The existence of ruins manifests—and makes us wonder—the previous life of a given space, followed by a question: Why was it transformed into ruins? Memories roam through the crossroad of the past and present, as the remaining objects retell the history and plants growing on dilapidated walls envision the future.
Roaming around the Ruins Series―The Civilization Built by Skeleton (1991-2005), a collection of New Taipei City Art Museum (NTCAM), takes fourteen years in the making. YAO Jui-Chung has photographed various ruins in Taiwan since the 1990s. The first part of the series consists of the artist’s photos of the dilapidated public buildings, spanning the structural change from industrial production to the development of the times. Examples include the industrial complexes and historical relics from the early days of various mining operations in the northern coastal area of Taiwan and crops production factories that once witnessed Taiwan’s export boom. Roaming around the Ruins has built a meandering road out of a way of looking—bordering time, geography and social change.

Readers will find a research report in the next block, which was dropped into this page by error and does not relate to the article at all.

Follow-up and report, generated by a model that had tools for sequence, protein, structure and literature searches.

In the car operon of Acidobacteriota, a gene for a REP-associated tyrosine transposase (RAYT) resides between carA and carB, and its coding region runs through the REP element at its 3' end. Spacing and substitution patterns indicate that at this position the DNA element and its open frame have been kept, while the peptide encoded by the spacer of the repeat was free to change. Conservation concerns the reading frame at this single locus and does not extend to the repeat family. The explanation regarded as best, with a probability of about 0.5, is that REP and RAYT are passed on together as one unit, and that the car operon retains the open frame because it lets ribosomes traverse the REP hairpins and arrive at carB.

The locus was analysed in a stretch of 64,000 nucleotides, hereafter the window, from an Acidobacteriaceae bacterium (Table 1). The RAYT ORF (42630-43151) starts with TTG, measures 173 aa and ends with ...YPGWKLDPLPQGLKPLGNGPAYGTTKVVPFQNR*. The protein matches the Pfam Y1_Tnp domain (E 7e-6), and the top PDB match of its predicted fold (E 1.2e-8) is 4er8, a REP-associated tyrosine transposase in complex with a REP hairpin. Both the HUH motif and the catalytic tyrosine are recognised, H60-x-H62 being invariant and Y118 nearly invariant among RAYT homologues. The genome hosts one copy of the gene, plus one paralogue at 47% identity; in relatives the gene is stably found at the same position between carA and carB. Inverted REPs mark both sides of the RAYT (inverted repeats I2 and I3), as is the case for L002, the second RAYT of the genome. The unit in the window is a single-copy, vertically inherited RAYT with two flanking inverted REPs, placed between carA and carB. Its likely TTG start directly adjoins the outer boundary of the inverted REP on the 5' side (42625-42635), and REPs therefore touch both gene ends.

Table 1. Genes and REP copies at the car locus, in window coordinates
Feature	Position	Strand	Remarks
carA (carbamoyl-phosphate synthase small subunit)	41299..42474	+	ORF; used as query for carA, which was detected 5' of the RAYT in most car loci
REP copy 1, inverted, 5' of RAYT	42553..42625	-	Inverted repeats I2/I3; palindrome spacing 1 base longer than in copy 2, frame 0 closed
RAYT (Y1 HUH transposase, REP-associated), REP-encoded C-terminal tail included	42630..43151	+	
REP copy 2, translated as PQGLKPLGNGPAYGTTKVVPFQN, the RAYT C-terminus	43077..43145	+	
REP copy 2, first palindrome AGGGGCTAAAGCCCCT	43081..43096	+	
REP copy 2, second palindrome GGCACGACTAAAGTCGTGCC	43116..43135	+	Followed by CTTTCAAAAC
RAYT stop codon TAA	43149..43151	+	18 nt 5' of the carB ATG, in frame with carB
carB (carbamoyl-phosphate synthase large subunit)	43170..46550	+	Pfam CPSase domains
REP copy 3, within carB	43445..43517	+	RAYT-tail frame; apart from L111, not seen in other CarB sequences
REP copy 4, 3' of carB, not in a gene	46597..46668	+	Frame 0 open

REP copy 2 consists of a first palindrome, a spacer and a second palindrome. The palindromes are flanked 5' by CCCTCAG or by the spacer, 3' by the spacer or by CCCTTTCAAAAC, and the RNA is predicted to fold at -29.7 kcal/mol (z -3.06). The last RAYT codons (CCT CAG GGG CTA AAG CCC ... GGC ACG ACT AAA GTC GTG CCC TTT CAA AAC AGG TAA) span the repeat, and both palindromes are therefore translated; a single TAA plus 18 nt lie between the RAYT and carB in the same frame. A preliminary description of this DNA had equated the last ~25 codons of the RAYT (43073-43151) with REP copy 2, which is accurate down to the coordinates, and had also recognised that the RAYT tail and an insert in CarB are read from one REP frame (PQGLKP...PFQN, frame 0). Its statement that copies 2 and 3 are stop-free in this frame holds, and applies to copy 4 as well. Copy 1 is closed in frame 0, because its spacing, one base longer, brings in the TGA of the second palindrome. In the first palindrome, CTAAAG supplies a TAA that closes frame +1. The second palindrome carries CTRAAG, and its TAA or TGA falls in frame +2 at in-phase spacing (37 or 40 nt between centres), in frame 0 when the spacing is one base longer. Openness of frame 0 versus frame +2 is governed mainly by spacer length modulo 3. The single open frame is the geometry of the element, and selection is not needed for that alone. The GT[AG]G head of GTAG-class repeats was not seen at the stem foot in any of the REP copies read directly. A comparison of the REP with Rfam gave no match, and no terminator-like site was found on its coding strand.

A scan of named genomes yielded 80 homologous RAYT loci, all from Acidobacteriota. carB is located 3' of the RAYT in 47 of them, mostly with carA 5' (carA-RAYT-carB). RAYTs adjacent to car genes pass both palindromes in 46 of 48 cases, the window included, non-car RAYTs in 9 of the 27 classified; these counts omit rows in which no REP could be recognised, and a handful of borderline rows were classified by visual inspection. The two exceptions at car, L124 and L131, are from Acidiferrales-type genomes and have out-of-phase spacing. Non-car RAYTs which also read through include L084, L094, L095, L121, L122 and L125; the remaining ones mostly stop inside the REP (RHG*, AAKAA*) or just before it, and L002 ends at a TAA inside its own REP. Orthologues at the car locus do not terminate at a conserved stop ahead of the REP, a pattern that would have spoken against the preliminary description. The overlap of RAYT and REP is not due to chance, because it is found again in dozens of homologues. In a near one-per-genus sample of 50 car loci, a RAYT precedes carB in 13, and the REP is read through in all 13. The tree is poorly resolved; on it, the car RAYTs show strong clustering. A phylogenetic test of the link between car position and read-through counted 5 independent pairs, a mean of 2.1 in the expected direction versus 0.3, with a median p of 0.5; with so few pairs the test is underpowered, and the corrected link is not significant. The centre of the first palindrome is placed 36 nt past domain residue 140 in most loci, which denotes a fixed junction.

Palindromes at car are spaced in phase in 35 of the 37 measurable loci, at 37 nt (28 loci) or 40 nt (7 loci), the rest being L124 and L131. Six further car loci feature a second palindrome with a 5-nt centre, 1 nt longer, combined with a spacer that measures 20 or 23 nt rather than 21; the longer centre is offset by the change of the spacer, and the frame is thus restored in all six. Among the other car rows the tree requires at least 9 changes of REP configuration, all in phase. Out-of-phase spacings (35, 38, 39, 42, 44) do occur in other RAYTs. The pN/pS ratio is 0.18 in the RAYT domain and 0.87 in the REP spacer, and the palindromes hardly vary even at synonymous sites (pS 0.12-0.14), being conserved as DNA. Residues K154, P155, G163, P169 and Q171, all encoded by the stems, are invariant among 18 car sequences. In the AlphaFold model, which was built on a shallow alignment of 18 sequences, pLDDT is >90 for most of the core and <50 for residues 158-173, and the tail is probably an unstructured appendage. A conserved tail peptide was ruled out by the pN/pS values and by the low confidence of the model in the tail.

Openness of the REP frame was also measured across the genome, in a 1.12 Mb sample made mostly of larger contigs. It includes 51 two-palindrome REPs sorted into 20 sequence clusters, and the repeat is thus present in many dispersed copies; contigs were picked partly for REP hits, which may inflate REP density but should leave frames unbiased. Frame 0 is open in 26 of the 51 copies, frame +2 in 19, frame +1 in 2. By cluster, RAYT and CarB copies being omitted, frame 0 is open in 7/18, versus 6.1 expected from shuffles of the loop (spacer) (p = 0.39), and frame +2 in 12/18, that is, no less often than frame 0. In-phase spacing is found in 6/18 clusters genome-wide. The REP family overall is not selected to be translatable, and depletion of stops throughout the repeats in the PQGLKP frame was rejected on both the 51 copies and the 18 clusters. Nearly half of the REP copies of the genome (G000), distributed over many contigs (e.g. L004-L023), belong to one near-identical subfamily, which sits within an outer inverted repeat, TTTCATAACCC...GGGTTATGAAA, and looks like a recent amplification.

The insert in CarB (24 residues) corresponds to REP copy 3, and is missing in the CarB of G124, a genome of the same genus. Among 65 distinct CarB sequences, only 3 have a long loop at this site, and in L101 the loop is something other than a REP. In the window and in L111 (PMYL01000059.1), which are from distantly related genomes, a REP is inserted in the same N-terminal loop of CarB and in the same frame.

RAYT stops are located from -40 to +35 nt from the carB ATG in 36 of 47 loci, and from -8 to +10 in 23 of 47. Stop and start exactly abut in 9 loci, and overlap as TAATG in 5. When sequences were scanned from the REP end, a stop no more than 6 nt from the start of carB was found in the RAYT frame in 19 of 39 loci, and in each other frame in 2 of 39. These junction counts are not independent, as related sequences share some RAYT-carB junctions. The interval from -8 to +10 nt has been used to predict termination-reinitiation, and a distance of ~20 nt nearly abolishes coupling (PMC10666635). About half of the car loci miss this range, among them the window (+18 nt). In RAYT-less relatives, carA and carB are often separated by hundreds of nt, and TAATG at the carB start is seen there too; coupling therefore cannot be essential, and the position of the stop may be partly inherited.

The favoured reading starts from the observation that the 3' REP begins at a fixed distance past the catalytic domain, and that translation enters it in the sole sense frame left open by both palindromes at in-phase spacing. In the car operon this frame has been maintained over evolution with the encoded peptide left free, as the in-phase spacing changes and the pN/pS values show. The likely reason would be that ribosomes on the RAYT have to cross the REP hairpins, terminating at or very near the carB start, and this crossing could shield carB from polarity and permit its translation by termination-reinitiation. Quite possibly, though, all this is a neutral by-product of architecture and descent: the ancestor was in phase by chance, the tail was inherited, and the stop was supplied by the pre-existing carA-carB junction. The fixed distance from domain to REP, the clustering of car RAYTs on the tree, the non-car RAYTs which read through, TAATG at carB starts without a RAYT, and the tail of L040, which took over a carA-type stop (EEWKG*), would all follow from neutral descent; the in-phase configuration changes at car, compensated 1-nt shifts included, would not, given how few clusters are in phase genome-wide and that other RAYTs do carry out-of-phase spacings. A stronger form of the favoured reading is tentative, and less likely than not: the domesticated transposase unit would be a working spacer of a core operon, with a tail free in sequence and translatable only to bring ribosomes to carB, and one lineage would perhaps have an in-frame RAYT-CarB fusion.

In the past, our bodies roamed within physical spaces, and now we, due to our changing lifestyles, spend more time wandering in the digital world. Browsing web pages embodies our movement across different spaces, with our mouse pointer visualizing our trace. Plugged in the Ruins attempts to utilize the internet as an alternative interface for reexamining Roaming around Ruins, from which we walk toward the present and seek its connection with the works of LI Tzi-Mei, LIU Yu ,and Meuko! Meuko! X NAXS Corp.. Through juxtaposing the work of YAO Jui-Chung and that of contemporary artists, we can reflect upon the now abandoned spaces in the photography series—made into ruins by various reasons and forces, as to create dialogues, expand their meanings, re-engage through a retrospective gaze, and imagine a new way of beings out of the remains.